How to Know if I'm Overworking Muscles

Working your muscles, either through strength training or cardiovascular exercises, can boost your strength and stamina and even improve your mental health. If you do too much, you may find yourself contending with overworked muscles that prevent you from getting the most out of your workouts.

It is important to recognize overwork symptoms. (Image: skynesher/E+/GettyImages)

Tip

Working out too much has side effects that may include decreased performance, fatigue, anxiety and depression and overuse injuries, advises MedlinePlus.

Recognizing Overtraining Syndrome

The initial state of overworked muscles is called overreaching. You may experience this after a couple of consecutive hard workouts without giving your body time to recover from the soreness. If you continue to push yourself, your body will continue to break down and you may experience overtraining syndrome.

Symptoms include heaviness and fatigue in the muscles, increased soreness, longer recovery times and an inability to train at a level that was previously easy for you. Overtraining affects more than just your muscles. You may also experience:

  • Fatigue
  • Depression and anxiety
  • Moodiness
  • Poor sleep
  • Weight loss
  • Diarrhea or constipation

Women may also start to have irregular menstrual periods or stop having a period altogether. Overtraining is more likely to occur if you have other stress in your life wearing you down such as work stress or family conflict. In some cases, exercise may become a compulsion that leads to overtraining.

Prevent Overworked Muscles

Prevent overtraining by ensuring you get adequate rest between workouts and increasing your workout intensity slowly over time. You should get at least one full day of rest each week, according to the Hospital for Special Surgery. If you find that getting your workout in is becoming an obsession, be sure to discuss these feelings with your health care professional.

Be sure that your eating habits support your body and training program. This includes making sure you are getting enough calories, and that the foods you consume have enough carbohydrates and protein to support energy levels and muscle repair. Stay hydrated throughout the day, not just during your workout. Consider consulting a nutritionist if you have questions about your body's specific needs.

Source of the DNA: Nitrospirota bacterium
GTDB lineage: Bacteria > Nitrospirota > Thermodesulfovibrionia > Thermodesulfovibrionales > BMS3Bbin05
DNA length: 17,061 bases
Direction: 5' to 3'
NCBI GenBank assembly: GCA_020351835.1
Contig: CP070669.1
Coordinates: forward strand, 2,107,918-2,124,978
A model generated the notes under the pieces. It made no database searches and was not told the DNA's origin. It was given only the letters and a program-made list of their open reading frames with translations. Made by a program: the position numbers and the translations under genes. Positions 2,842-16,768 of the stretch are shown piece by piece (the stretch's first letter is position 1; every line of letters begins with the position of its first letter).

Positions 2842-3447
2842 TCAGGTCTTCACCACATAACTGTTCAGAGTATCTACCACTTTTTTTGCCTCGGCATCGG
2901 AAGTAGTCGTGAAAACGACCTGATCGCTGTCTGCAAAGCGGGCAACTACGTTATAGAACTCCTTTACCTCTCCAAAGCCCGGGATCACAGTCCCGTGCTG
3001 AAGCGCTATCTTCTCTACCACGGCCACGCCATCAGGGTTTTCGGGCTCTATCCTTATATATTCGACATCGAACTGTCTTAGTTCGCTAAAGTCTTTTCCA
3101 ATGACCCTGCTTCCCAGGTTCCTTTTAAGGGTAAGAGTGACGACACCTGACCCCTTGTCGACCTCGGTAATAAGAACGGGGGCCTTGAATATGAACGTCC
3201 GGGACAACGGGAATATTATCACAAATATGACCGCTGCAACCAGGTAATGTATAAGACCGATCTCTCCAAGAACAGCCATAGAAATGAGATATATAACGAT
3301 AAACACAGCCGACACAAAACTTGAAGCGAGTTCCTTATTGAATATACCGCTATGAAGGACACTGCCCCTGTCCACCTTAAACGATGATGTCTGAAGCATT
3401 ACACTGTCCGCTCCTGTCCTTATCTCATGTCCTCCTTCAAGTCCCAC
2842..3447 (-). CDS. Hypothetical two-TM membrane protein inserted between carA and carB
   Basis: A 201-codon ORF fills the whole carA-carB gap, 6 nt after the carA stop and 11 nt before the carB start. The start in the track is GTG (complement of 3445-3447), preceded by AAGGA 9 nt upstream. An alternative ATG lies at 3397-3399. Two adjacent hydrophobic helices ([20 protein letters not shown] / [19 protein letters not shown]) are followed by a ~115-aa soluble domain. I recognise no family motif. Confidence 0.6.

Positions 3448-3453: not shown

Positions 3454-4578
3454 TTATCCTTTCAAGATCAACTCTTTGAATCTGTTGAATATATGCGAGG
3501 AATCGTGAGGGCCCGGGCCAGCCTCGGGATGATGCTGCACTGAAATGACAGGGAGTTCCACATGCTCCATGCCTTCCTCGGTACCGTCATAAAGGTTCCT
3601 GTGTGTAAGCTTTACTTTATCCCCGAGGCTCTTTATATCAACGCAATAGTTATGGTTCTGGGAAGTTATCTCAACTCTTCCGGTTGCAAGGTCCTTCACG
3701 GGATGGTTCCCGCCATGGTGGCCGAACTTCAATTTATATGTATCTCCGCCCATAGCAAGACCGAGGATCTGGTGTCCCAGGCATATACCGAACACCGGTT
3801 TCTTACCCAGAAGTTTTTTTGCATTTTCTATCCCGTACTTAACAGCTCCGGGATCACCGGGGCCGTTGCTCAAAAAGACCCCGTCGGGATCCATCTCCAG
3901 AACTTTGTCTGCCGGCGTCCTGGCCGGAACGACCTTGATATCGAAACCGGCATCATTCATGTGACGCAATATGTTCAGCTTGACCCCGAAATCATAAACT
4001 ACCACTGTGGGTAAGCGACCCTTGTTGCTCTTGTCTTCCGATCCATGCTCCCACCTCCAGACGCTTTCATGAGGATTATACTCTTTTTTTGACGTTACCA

If you start to experience symptoms of overreaching, consult your doctor and trainer and takes steps to prevent further overworking your muscles. This may include stopping training completely for a period of time and adjusting your diet and nutrition plan.

Extreme Muscle Breakdown

In extreme cases, working out too much has side effects that may include the dangerous breakdown of muscle fibers that then enter the bloodstream. This is a condition called rhabdomyolysis, advises Harvard Health Publishing. Symptoms include brown or dark colored urine and muscle soreness and weakness.

Warning

Consult your doctor immediately if you experience symptoms of rhabdomyolysis. Although rare, this is a serious condition that can lead to kidney failure.

Avoid rhabdomyolysis by increasing your workout intensity slowly over time. Stay hydrated by drinking plenty of water before, during and after your workout. The fluids help to flush your kidneys and keep them functioning. Avoid alcohol and medications that interfere with kidney function including non-steroidal anti-inflammatory medications.

In many cases, patients may be treated at home by consuming fluids, but IV fluids and additional treatment may be required if kidney function shows signs of being impaired. Rhabdomyolysis may also be caused by trauma, infection, alcohol or drug use or a side effect of medication.

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